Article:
British bastions of extremity, Carcass are rightly lauded as legendary in the annals of metal’s history. Pioneers of goregrind, they set a new template for the way in which visceral music could splatter against the eardrums in the most unpleasant of manners. Liverpool’s finest band (yeah, take that The Beatles) they have built a career on decimating their contemporaries and peers that stretches to this day. With a new album in the works, it remains to be seen if they can retain their no bad record run (yes, even with Swansong), but all evidence points to the kings staying on the throne. Part of Carcass’ appeal comes from the levels of nihilistic agony thrown out of the speakers, and it would be nothing without the interplay between Walker and Steer; two titans of the extreme genre. The likes of Unfit For Human Consumption from 2013’s sterling Surgical Steel benefits from Steer and Walker trading and harmonising screams of anguish with muscular efficiency and displays a band of monolithic ability doing something generally unseen in the world of extreme. And again, they’re better than The Beatles. ‘Ave it.

8. Baroness – John Dyer Baizley and Gina Gleason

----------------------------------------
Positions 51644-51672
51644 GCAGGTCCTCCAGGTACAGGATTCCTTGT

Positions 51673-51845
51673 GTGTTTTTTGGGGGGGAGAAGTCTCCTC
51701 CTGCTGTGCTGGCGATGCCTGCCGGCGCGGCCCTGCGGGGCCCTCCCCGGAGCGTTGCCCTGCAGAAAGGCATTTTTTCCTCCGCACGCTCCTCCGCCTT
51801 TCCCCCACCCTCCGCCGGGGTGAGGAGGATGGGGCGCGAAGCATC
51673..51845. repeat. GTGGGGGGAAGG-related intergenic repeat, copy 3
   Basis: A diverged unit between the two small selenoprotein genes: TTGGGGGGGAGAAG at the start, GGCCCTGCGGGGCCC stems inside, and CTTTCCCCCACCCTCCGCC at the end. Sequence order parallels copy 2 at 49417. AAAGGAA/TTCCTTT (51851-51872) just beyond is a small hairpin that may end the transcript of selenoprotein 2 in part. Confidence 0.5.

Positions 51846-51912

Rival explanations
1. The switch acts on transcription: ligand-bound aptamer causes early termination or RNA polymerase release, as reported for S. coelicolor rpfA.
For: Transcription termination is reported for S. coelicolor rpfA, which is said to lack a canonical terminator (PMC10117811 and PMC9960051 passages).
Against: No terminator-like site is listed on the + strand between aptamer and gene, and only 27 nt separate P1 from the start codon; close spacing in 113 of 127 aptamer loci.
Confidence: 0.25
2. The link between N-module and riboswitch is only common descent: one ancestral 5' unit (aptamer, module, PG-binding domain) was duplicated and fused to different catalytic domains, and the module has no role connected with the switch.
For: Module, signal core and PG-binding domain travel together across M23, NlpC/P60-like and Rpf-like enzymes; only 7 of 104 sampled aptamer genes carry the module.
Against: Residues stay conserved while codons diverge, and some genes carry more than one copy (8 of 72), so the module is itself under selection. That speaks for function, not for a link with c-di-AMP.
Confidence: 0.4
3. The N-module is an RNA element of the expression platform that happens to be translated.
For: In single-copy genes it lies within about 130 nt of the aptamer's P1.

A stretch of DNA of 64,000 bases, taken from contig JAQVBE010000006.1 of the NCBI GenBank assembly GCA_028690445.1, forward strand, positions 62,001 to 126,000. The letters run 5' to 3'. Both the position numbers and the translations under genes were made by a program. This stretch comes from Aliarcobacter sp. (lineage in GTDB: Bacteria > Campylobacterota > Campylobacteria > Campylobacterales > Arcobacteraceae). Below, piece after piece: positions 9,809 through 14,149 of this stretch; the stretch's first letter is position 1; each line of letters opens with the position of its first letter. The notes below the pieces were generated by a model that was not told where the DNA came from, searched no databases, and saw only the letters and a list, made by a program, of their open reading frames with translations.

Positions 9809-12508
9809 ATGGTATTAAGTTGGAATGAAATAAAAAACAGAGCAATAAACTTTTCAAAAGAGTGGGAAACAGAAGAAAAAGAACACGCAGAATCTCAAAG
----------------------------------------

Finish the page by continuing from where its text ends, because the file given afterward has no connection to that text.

Baroness are slowly growing to the point of reverence that they have deserved since Yellow and Green. A band that have sonically mellowed over the years, they have become no less enticing to the listener – though some purists will argue that only Red and the Blue Record are worth listening to, the fools – and with the addition of Gina Gleason to the band in 2017 for the writing sessions of Gold and Grey, they have found themselves at the pinnacle of the harmonious abilities. Songs like Borderlines and Seasons show the Baizley and Gleason work in glorious tandem as they trade vocal refrains off one another, two tones meeting in the middle to round out the complex sound. Similarly, their style of guitar playing is complimentary whilst retaining uniqueness and shows us a band not afraid to experiment. Fortunately for us every single experiment has paid off to date, and with Gleason, Baroness have truly found that key ingredient that elevates Baizley’s abilities from the exquisite to the divine.